Ken Robinson: How to escape education’s death valley

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Sir Ken Robinson’s latest TED Talk, delivered at April 2013’s TED Education conference, is fantastic.  Watch below:

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Robinson explains that a teacher’s job is to be creative; a teacher’s job is not to deliver information.  So often, we believe our goal is to get information to students.  Yes, that’s important, but, as Robinson says, our other goals are to “mentor, stimulate, provoke, engage” and “if there is no learning going on, there is no education going on” (Source).

Many of my colleagues are “engaged in the task of teaching but not actually fulfilling it” (Source).  What should a teacher be doing?  Back in January of 2012, I wrote the “Superteachers” series stemming from my six years of teaching experience.  I first defined the term “superteacher” and then listed a few qualities that separate a teacher from a superteacher.  Those qualities include creativity; a passion for learning; obviously doing the work (engaging in the act of teaching but also the act of learning); optimism; and mentorship/developing leadership potential.  To learn more about the series, please click here.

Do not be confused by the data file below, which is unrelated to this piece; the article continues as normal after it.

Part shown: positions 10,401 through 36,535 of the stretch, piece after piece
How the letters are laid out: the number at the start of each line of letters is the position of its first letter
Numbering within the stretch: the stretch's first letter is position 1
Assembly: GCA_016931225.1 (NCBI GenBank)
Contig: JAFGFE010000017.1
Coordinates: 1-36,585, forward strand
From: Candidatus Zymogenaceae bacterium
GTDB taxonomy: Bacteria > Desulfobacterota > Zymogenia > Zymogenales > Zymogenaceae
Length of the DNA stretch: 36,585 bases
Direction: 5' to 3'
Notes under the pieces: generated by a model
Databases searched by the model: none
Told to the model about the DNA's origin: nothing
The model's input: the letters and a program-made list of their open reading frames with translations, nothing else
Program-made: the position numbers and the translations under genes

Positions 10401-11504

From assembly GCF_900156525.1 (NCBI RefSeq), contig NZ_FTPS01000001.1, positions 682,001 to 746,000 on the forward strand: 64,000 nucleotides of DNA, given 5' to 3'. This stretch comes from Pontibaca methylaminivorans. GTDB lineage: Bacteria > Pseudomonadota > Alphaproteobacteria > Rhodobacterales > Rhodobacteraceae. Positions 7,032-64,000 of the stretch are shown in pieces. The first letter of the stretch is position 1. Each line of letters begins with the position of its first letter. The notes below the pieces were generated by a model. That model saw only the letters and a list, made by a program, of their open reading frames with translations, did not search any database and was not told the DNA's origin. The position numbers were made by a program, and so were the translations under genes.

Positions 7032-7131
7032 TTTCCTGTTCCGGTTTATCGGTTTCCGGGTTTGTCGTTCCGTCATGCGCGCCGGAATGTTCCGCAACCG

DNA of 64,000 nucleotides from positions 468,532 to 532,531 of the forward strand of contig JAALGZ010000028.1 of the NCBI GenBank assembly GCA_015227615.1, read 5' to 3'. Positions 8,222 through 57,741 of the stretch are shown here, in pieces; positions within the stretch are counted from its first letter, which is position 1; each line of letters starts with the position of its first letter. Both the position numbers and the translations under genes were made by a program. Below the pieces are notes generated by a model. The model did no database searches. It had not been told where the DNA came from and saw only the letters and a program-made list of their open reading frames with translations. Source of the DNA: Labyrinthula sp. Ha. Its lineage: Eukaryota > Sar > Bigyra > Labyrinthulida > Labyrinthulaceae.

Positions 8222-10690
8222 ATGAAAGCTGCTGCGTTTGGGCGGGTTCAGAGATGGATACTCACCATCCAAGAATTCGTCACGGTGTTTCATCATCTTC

Robinson tells us in his TED Talk that the one and only role of a teacher is “to facilitate learning” (Source).  Learning doesn’t come from lecturing.  It comes from collaboration, discussion, and activity.  In order to join the teaching and learning revolution, one must make a commitment to the qualities Robinson describes in his TED Talk as well as the qualities of a superteacher.  What additional qualities do you think a superteacher possesses?  How would you define “superteacher” ?

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